Back in the day when the federal government had more money to spend and there was a broader consensus that it should support local and regional economies, the US Economic Development Administration (EDA) made some key investments in Southeastern Massachusetts that have been paying big dividends ever since.
Starting in the 1970s, the federal agency made a series of crucial grants that provided the seed money for the Fall River Industrial Park and Commerce Park, the New Bedford Business Park, and the Myles Standish Industrial Park in Taunton. Today, these three parks collectively employ more than 15,000 workers.
Back in the late 1970s and early 1980s, the city was struggling. Unemployment was consistently in double digits and at least 50% higher than the state average.
Then in 1979, EDA funded Phase 1 of what was to become the Myles Standish Industrial Park. An investment of $1.68 million paid for roadways and utilities in the park. At about the same time, construction was beginning on the missing link of I-495 – the 13 mile section between I-95 and Route 24 that traversed Taunton.
Land sales and construction in the park were slow at first, with many Boston based businesses and entrepreneurs regarding Southeastern Massachusetts as a remote and inaccessible backwater. The new highways and industrial park subdivision with “ready to build” lots quickly erased that perception. This pattern was repeated in both Fall River and New Bedford.
Additional federal investments
As the Taunton park’s reputation and success grew, EDA followed with investments in 1995 and 2001 totaling $2.4 million. These grants enabled the park to expand to 809 acres and employ 7,000 people in 100 companies. Equally impressive was the diversity of employers at the park, with an almost equal distribution of manufacturing, distribution and service businesses in 5.9 million square feet of buildings.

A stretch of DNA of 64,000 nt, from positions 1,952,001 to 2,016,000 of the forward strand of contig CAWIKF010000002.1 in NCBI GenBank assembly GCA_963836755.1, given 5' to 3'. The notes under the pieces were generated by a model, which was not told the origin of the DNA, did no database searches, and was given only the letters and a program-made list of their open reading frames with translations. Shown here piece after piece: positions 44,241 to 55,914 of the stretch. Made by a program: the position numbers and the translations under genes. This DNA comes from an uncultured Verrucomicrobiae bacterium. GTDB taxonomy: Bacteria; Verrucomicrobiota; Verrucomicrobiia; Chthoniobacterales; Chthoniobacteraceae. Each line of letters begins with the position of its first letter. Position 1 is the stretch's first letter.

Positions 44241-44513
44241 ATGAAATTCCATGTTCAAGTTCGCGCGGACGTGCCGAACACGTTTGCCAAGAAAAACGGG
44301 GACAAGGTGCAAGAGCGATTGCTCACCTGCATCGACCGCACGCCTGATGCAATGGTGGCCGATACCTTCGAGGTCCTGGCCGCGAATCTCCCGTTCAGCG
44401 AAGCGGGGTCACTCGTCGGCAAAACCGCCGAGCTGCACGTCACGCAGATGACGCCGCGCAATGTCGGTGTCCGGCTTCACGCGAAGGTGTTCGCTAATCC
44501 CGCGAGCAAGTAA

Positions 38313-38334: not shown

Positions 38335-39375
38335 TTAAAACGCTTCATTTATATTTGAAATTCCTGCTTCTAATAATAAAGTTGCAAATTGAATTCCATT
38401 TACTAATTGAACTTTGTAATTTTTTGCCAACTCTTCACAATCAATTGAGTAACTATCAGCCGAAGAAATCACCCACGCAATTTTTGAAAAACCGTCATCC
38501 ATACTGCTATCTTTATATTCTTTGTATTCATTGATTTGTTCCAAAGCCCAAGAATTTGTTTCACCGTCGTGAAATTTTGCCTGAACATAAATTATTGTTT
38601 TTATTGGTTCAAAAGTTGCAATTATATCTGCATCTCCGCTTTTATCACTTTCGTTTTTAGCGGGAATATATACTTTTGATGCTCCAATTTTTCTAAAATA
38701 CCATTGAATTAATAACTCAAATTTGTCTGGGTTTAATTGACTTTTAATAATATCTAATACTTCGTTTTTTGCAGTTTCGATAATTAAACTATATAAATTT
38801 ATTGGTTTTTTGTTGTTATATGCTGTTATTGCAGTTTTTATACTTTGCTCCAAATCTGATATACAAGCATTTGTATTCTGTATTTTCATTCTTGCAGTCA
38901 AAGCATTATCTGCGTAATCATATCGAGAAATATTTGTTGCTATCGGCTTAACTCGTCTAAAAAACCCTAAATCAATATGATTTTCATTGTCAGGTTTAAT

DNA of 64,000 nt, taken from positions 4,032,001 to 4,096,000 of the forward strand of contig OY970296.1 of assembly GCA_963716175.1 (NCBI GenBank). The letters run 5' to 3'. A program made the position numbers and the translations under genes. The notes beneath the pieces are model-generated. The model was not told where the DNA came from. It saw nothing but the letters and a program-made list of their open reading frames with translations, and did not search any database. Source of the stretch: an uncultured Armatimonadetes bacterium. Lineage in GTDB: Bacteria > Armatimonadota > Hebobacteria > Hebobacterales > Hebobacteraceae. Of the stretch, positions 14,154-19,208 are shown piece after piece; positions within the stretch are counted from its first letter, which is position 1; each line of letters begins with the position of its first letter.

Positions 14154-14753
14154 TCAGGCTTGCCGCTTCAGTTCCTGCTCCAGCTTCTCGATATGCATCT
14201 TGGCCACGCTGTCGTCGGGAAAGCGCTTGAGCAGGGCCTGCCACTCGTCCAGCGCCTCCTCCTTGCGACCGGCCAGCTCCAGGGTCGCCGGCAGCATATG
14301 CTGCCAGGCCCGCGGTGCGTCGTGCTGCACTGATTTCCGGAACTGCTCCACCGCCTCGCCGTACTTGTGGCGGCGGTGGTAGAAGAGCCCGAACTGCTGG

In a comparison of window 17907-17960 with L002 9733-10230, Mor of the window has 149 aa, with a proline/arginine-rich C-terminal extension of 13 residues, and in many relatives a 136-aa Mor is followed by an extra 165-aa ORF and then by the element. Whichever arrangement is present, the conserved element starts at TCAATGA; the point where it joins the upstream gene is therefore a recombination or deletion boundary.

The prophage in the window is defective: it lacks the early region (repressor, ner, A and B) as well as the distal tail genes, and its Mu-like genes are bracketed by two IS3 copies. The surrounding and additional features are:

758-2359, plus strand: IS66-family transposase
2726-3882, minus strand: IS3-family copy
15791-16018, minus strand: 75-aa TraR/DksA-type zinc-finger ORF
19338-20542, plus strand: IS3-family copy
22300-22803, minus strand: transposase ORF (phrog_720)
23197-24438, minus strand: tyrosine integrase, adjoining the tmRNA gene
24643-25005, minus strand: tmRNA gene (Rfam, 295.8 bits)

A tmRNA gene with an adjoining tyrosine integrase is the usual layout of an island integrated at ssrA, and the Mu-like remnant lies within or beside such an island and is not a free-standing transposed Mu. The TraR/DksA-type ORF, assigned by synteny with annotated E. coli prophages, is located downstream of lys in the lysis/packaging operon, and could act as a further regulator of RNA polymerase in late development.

Today, the Taunton Development Corporation, which has guided the park’s growth from the start, has acquired an additional 220 acres that was formerly the Paul A. Dever State School.
Fall River & New Bedford
The stories and the role played by EDA are equally impressive in Fall River and New Bedford. In the former city, EDA grants help the development of the initial phase and the expansion when the municipal airport was closed. Likewise in New Bedford, EDA was there from the beginning and supported the park’s expansion into abutting land in Dartmouth.
The federal government’s role in facilitating the development of these important job sites is indisputable. For a total EDA investment in the three parks of $11.8 million over the past 40 years, federal support has enabled the location of over 200 companies, the payment of millions of dollars in local property taxes, and the creation of over 15,000 jobs.
Not a bad return on investment.
Stephen C. Smith is Executive Director, Southeastern Regional Planning & Economic Development District
read the entire article in the June Insider